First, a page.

Why You Should Be Securing Your Webcam
If you’re like me, you probably use your webcam about once a week.
They’re great for Skype to hang out with friends and family, talking with your boss remotely, and even for teleconferences with business partners in different cities and countries.
Whatever you use it for, however, you wouldn’t want your private communications to be seen by others.
Even worse, your webcam can be accessed by a hacker, like what happened to Miss Teen USA Cassidy Wolf. He will then be able to turn it on as he pleases and record whatever he wants, your private conversations, and even get access to your microphone so that he can watch and hear you whenever he wants.
No one really realizes it, but there are actually a lot of our everyday activities that take place right in front of our webcams. How many of us really close our laptops once we’re done with it? I don’t do it all the time, and I’m sure most don’t, either.
When I imagine someone gaining access to my webcam, recording my family and my conversations and activities, it’s really worrying.
But how do they do it?
On your computer, there’s a type of computer software on almost all operating systems known as Remote Access Tool (RAT). It was developed rather logically to enable IT administrators and other tech support to be able to fix another employee’s computer without having to physically go to that person’s computer.
So if you have a problem with a computer in your office, you’d be able to call up IT support, and they can check out what’s wrong without having to come visit you.
It’s great for companies and large corporations. But because it’s on virtually every computer, including those of us who don’t need tech support, it can be a gateway for hackers to get access to our webcam, microphone, memory, files, speakers, and more.
Usually, hackers may dupe you into installing and activating RAT with such names as BlackShades and DarkComet through malware or other infected files from the internet. Then, once in, he has access to whatever files and images he wants, and more importantly, he’ll have time, like the 12 hours a day one hacker spent recording others’ intimate moments. That’s right: you wouldn’t know your webcam was compromised until he sent you that email that no one wants to get: I have pictures and videos of your private conversations, pay me or I’ll release them.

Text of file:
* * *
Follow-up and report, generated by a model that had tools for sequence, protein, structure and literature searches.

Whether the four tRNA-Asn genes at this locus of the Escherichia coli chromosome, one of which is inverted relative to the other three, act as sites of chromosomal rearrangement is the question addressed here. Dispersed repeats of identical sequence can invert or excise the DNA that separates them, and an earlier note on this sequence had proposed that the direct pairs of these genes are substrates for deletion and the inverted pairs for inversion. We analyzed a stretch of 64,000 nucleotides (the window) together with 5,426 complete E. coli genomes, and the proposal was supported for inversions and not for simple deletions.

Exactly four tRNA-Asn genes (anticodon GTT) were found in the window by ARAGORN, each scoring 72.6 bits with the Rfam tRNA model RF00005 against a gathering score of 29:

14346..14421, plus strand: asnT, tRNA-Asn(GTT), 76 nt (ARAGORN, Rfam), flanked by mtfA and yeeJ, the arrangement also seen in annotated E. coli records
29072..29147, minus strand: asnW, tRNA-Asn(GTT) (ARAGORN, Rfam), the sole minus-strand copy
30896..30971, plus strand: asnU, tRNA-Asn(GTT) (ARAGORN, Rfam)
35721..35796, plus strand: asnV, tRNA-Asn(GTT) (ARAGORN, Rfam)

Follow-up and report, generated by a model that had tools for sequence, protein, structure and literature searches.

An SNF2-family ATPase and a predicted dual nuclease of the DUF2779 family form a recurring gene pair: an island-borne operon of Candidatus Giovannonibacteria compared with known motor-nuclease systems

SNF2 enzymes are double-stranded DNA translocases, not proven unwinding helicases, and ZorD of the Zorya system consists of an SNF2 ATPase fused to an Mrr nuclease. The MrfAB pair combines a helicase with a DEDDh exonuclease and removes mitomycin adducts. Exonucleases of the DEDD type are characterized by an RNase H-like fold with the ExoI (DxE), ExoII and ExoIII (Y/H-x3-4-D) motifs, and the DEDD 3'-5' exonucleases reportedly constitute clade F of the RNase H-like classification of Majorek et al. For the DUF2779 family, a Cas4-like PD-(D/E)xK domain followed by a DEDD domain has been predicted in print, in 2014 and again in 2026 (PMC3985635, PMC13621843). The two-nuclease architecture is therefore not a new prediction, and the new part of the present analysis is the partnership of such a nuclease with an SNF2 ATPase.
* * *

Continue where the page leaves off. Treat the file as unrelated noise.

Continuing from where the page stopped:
That’s what happened to Ms. Wolf and many other women, and unfortunately it can happen to you.
OK, so how can I protect myself?
There are a few important measures you can take to keep yourself and your webcam from getting hacked.
1. Check webcam light or cover it up
One of the easiest ways is to check if your webcam light is on. Many webcams have indicator lights to show that it is in use, so if yours is on even when you’re not using it, it could mean someone else is. One low-tech way to ensure that you’re safe is to just cover up your webcam with a piece of tape when you’re not using it, or disconnecting it if you can.
2. Update your antivirus and anti-malware
In order to help protect yourself, you need an antivirus, or some programs in tandem, to watch over your computer. An updated antivirus will keep you alert about any intrusions on your computer. Even better, programs such as Malwarebytes will be crucial for getting rid of any malware you may have downloaded.
3. Be suspicious of free things
There’s no such thing as a free lunch, economists like to say. Same here. If it’s too good to be true—a free pdf of that book you always wanted, or that new movie that just came out, or that TV show everyone’s talking about—you probably shouldn’t click on it. Especially so if you get an email with an attachment or a link you don’t know. Don’t click on them.
4. Use secure networks and passwords
Public wifi networks are great cause they’re free—but remember what I said above. Free doesn’t necessarily mean good, and free wifi networks could be another method for hackers to get access to your private information. You should also make sure your home network is secure with complex passwords—in fact, you should be using complex passwords for all your devices and accounts.
5. Use a VPN
A Virtual Private Network (VPN) allows you to establish a secure connection to a server in a distant location, so you get an IP address from that location, essentially hiding your own. This can be a great tool for providing extra layers of protection against hackers, and NordVPN offers great speed and security.
Remember, however, the best protection against hackers is your own vigilance. If you keep yourself aware and educated, wary of any suspicious activity online or on your computer, you’ll be ahead in keeping yourself and your privacy out of the hands of hackers.
Did we miss anything? Is securing your webcam a part of your internet privacy strategy? Let us know in the comments below!